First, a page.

Two days later, Sherman prepared to cross the Chattahoochee as McPherson conducted an enveloping movement around the north side of Atlanta toward Decatur. The Confederates continued strengthening their defenses near the Chattahoochee, from south of Peachtree Creek to the Atlanta & Decatur Railroad. General Joseph E. Johnston, commanding the Confederate army, planned to attack when Sherman’s two flanks separated from the center.

The Federals began advancing on Atlanta on the 17th, with Sherman’s three armies moving like a wheel and crossing the Chattahoochee with Schofield’s army in the center. The Federals were now within eight miles of Atlanta. That morning, Johnston learned that the entire Federal force had crossed the river, apparently to move on Atlanta from the north and east.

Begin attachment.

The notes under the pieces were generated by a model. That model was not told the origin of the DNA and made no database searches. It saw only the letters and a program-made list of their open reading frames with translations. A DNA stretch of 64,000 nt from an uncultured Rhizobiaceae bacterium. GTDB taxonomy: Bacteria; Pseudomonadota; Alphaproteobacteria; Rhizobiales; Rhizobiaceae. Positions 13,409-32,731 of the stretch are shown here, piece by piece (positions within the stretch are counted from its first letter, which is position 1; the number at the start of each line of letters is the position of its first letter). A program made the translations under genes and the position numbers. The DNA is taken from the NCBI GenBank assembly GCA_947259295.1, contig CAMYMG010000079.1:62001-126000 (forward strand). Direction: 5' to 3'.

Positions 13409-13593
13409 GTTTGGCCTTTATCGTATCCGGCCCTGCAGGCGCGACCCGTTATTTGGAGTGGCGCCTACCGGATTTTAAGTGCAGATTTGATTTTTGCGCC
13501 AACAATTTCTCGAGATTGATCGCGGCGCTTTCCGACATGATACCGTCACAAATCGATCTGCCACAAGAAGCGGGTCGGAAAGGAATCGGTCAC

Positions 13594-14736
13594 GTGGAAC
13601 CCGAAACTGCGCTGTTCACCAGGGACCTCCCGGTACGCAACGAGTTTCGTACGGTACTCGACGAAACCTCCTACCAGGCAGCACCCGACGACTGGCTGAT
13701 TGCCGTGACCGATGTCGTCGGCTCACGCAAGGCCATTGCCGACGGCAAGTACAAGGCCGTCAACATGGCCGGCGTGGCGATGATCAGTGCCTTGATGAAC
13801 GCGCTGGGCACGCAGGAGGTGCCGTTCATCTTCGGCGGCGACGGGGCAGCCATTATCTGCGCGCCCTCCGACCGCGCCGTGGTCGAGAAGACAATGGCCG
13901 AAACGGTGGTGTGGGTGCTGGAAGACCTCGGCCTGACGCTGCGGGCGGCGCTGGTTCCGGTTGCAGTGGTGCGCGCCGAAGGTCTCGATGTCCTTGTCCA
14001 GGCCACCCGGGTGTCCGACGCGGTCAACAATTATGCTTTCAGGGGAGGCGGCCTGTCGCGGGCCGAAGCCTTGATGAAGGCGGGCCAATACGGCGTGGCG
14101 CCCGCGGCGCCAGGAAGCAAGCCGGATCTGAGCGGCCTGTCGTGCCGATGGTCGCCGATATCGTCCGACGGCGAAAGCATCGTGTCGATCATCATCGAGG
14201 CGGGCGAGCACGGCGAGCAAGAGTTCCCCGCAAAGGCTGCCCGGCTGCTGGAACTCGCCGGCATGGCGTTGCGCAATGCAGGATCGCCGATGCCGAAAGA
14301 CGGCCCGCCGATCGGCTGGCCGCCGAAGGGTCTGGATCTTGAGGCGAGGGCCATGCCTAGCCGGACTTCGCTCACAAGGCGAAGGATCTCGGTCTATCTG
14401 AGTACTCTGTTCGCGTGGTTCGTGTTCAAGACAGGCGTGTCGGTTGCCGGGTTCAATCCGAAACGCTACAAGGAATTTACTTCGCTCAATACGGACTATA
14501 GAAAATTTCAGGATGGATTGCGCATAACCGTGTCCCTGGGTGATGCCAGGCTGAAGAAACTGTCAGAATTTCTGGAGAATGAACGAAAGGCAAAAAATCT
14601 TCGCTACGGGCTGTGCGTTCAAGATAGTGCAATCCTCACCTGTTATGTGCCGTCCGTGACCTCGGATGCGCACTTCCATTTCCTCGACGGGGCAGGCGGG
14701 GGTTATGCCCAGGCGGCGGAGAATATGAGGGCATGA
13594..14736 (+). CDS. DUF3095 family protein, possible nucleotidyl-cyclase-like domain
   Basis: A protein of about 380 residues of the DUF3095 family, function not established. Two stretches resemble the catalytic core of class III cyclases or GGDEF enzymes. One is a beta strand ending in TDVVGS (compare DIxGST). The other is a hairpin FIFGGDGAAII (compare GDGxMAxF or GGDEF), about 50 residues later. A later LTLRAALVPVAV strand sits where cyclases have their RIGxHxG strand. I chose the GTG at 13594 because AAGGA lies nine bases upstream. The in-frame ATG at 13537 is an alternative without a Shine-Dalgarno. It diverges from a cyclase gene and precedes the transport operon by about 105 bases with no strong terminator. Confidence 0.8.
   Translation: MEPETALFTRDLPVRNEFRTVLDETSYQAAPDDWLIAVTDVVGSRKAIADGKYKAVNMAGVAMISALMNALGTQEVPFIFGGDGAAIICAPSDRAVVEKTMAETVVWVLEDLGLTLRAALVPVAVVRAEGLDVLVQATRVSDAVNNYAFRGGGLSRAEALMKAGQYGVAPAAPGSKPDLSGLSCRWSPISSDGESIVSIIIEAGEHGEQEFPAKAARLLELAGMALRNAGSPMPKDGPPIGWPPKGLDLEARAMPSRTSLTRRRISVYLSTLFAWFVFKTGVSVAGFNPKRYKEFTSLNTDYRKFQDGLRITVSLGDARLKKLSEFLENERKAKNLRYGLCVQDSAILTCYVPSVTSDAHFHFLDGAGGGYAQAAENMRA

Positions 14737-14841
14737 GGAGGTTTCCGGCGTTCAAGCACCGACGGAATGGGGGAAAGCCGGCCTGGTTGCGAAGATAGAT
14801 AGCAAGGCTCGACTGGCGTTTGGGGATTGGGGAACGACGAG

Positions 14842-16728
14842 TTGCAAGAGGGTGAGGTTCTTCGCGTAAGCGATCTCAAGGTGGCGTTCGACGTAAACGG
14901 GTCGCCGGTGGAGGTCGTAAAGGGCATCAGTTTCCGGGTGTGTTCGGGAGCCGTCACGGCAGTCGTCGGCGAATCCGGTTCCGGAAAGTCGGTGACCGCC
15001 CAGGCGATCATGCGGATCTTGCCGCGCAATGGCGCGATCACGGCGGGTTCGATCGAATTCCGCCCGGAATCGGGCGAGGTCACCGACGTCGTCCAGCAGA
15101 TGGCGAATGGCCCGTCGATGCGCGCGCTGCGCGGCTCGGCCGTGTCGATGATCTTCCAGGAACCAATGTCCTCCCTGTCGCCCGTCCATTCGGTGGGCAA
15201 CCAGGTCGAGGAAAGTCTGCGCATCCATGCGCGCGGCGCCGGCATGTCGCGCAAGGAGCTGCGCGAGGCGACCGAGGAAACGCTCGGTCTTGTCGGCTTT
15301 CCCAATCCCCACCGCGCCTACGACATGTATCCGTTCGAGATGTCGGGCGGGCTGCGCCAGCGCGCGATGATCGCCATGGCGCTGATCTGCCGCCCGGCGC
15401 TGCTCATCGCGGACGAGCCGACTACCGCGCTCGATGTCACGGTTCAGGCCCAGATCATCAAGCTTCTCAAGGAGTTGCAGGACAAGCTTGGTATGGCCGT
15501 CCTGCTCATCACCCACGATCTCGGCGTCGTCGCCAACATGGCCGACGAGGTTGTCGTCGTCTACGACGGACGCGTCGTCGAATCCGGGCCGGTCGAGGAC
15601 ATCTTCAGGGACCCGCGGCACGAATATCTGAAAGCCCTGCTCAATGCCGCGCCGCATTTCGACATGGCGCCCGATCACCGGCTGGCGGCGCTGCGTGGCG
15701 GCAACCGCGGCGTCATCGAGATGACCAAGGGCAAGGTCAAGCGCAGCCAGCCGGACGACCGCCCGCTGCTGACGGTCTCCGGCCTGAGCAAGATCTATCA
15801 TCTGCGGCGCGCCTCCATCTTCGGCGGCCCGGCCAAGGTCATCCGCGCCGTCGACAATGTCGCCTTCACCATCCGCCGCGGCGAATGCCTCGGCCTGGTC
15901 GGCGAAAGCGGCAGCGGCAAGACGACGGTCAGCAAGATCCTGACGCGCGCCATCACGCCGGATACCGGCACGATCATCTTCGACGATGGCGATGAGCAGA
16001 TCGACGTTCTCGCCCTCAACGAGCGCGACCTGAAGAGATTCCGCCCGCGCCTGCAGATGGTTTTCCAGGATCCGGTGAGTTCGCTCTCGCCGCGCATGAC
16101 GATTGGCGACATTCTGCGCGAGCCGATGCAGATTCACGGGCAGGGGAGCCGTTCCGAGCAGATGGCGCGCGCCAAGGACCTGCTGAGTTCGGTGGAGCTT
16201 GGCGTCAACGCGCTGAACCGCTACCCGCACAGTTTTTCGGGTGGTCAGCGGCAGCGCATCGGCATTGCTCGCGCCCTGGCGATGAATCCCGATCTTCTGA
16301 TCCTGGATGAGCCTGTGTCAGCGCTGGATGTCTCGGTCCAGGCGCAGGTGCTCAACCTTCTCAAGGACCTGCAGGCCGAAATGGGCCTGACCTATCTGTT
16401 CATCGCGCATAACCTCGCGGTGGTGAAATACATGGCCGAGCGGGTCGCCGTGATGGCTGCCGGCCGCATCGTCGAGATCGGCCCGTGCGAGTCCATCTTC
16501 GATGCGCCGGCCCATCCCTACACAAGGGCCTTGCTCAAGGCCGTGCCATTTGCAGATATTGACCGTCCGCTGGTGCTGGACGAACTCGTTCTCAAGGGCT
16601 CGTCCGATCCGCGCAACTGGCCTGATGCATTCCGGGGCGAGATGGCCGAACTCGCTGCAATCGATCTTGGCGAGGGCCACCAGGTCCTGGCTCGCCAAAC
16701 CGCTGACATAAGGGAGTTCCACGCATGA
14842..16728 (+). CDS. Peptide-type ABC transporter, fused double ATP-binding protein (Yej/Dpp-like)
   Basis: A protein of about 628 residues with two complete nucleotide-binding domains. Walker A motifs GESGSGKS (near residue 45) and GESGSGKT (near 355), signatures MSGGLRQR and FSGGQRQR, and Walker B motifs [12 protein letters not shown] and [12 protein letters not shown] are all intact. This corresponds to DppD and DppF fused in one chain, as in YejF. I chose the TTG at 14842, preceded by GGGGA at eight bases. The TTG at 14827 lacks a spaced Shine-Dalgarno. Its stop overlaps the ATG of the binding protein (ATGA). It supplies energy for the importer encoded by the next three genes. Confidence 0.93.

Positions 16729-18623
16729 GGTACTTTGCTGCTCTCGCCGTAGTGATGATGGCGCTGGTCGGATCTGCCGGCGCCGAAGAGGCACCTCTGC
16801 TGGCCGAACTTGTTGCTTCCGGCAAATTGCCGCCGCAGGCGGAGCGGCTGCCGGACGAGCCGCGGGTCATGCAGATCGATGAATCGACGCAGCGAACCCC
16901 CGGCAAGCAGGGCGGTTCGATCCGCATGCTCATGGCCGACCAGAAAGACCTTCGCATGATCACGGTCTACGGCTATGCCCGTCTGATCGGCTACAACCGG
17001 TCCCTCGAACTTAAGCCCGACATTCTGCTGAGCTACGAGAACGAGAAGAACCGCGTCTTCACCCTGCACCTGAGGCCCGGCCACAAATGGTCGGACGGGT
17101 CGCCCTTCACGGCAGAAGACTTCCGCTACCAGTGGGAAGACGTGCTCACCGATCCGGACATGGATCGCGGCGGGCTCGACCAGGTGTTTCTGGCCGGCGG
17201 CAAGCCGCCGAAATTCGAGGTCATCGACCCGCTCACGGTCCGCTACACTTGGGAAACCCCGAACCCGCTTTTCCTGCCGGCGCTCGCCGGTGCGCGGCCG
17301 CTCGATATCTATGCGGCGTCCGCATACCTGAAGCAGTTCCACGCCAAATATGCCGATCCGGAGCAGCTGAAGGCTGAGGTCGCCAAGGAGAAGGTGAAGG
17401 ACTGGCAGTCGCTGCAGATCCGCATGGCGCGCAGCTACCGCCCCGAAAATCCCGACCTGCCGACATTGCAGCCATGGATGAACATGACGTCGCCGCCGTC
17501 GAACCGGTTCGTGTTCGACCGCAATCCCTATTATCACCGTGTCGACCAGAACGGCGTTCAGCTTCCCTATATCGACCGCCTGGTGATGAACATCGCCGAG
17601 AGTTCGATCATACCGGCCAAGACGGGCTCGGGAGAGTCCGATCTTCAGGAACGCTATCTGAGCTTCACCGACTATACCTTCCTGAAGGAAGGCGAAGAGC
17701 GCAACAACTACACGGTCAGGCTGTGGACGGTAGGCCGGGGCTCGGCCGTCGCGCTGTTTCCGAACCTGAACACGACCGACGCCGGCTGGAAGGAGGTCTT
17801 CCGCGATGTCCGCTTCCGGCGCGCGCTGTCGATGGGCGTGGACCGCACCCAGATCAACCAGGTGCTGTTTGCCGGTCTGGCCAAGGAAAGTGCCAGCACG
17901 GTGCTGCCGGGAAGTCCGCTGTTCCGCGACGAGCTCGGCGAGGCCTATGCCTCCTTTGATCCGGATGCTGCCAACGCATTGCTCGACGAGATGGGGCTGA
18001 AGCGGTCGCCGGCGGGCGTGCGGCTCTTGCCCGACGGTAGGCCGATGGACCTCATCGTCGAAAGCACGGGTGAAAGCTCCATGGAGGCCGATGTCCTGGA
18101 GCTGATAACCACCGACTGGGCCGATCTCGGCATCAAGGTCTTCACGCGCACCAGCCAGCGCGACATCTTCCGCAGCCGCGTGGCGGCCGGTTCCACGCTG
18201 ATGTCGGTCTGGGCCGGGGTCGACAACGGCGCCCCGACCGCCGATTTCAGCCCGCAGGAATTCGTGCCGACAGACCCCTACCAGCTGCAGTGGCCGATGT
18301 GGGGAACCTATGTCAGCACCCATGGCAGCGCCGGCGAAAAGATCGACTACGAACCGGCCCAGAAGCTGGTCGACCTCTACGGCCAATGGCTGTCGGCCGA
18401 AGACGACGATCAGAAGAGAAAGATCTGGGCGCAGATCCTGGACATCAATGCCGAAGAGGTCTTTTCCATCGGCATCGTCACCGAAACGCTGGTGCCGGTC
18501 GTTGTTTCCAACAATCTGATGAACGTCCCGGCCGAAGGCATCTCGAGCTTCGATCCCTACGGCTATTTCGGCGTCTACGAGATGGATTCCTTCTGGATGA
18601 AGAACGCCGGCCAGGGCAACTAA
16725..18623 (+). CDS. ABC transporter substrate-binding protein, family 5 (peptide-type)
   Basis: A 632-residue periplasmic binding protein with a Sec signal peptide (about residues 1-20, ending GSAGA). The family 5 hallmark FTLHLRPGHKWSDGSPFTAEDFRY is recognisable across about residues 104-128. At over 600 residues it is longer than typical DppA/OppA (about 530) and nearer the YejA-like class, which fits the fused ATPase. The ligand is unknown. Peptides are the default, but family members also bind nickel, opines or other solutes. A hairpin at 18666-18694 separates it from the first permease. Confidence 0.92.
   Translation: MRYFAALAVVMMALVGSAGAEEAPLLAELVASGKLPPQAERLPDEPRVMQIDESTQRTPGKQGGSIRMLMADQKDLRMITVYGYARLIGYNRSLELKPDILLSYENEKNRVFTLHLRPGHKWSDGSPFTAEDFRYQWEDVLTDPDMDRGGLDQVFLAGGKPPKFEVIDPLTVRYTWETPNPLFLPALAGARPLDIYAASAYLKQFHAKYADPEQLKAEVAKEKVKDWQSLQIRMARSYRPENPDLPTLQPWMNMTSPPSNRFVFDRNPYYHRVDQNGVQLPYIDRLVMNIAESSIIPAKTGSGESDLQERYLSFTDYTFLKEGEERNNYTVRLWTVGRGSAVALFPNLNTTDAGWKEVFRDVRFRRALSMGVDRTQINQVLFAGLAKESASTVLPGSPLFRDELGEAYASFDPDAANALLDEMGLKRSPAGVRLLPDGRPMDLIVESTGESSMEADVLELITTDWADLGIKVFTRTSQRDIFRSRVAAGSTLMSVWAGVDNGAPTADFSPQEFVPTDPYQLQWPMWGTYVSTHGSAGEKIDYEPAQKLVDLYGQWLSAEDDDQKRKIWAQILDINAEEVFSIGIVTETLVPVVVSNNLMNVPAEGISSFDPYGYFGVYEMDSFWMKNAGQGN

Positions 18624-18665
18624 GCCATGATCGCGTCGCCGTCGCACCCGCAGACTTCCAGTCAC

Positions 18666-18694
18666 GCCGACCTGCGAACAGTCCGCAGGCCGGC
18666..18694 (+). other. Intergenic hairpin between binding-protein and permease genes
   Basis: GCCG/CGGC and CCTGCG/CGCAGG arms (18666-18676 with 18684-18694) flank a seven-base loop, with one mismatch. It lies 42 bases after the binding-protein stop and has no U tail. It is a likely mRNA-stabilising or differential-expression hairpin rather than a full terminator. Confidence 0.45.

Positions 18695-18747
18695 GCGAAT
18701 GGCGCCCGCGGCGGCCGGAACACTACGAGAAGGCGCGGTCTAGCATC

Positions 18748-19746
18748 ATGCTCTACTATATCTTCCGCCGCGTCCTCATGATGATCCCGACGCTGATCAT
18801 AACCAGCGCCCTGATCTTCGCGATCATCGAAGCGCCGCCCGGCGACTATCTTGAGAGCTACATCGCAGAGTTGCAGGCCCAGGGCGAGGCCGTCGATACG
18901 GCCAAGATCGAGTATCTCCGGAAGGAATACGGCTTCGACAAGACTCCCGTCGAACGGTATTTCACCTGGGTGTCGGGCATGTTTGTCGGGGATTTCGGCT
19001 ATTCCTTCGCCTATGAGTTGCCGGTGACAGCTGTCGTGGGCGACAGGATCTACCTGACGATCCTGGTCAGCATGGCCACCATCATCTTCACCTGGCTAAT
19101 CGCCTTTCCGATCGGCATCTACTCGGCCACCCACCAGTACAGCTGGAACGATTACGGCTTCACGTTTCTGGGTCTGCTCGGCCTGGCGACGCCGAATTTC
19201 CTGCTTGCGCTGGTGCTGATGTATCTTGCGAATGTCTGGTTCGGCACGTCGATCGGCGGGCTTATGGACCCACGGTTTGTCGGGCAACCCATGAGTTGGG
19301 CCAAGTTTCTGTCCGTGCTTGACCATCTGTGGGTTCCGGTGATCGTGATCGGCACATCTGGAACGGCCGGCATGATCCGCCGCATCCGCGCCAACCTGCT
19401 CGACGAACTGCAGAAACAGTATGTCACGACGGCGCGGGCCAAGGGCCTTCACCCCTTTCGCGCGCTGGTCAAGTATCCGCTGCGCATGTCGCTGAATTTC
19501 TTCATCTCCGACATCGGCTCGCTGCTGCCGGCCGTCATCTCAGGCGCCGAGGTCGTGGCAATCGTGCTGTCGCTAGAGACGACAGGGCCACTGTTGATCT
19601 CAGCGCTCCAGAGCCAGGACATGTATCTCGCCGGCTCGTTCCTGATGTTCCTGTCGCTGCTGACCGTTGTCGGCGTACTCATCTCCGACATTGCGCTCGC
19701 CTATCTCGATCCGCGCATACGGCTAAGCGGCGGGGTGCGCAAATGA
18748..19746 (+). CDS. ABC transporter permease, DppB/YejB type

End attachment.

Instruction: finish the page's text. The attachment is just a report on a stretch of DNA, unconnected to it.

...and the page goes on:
Concerned that Thomas’s army may be moving too slow, Sherman wrote him, “Feel down strong to Peach Tree and see what is there. A vigorous demonstration should be made, and caution your commanders not to exhibit any of the signs of a halt or pause.” That night, Sherman learned that Schofield and McPherson had reached their objectives and would begin wrecking the Georgia Railroad at daybreak.

The next day, Sherman was discussing strategy with Thomas when a spy showed them an Atlanta newspaper reporting that Johnston had been replaced as Confederate army commander by General John Bell Hood. Sherman expressed hope that Hood, unlike Johnston, might actually come out into the open and fight, where the Federals could finally use their numerical superiority.